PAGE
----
Legal Issues Most Startups Underestimate (Although They Shouldn’t)
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Starting a business is a bold step that could lead to serious success, but there are perils involved in the process which you cannot afford to overlook if you want your fledgling firm to thrive in the long term.
Underestimating the legal complications you might face is clearly problematic, and the first step to avoiding this temptation is to arm yourself with the right advice.
To ensure that your startup is built on firm foundations, here are just a few of the most common legal issues which you need to consider.
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Intellectual Property Protection
Safeguarding IP is essential in every business, yet for startups the concerns over copyright, patents and trademarks may be sidelined as other aspects are prioritized.
You do not need to become an expert in US copyright law to best protect your business IP; you just need to make sure that you take the correct steps to stop your most valuable assets from being exploited.
Registering your trademarks and filing patents is becoming more straightforward thanks to the digital solutions which are available today.
You should also make use of a non-disclosure agreement (NDA) to ensure that any consultants, contractors, partners or other third parties that are involved with your startup early on are bound to keep your secrets to themselves.
If you are wondering what is an NDA, it is a legal document signed to prevent all types of information from being disseminated outside of your organisation. For startups, an NDA can protect intellectual property at a time when the business is most vulnerable.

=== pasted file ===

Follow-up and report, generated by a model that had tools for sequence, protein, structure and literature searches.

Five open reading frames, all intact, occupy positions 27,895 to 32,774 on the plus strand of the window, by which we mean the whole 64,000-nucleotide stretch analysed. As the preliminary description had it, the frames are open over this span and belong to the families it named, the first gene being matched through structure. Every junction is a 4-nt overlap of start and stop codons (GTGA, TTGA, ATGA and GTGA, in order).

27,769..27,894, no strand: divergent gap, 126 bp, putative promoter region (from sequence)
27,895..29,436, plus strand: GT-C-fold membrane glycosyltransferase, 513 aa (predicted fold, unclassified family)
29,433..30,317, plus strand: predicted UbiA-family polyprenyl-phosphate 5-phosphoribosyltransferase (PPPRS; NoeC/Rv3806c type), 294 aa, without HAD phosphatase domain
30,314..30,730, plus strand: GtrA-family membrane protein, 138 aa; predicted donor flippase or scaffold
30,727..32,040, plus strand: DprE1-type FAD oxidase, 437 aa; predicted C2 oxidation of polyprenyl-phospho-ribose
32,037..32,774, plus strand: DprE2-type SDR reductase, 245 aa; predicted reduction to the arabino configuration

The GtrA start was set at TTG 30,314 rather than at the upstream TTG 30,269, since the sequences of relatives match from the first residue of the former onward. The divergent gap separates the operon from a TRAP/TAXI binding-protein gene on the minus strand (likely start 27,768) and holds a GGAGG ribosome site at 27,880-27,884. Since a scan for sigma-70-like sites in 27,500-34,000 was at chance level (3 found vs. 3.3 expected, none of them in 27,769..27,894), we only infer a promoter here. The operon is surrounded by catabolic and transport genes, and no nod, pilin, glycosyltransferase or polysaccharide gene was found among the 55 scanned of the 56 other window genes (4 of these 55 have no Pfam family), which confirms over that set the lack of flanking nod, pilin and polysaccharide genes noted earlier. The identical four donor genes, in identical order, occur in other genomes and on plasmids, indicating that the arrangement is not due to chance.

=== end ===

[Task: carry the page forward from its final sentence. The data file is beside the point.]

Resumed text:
Workers in the US can expect to rely on a number of legal rights when seeking employment, many of which focus on eliminating discrimination during the application process. Everything from the gender and race of the candidate to their religious and political views cannot be factored into whether or not they are eligible.
Startups must not only adhere to these requirements during recruitment, but must also take minimum wage legislation in addition to the rules governing how many hours an employee can be expected to work in a given week.
The minimum wage is set at a federal level, with the current baseline sitting at $7.25 per hour. Some states choose to override this and set their own higher minimum wages; in California, this is $12 per hour, for example.
Overtime is another factor to take onboard, since any employee who works more than 40 hours a week is entitled to receive an extra 50 percent an hour on top of their basic hourly wage. Since the average American works 47 hours a week, your obligations to pay for overtime as a business over should not be ignored.
Whatever the nature of the industry that your startup occupies, it will almost certainly have some kind of physical presence. This could be rented office space, a workshop, a warehouse or a number of other bricks and mortar premises.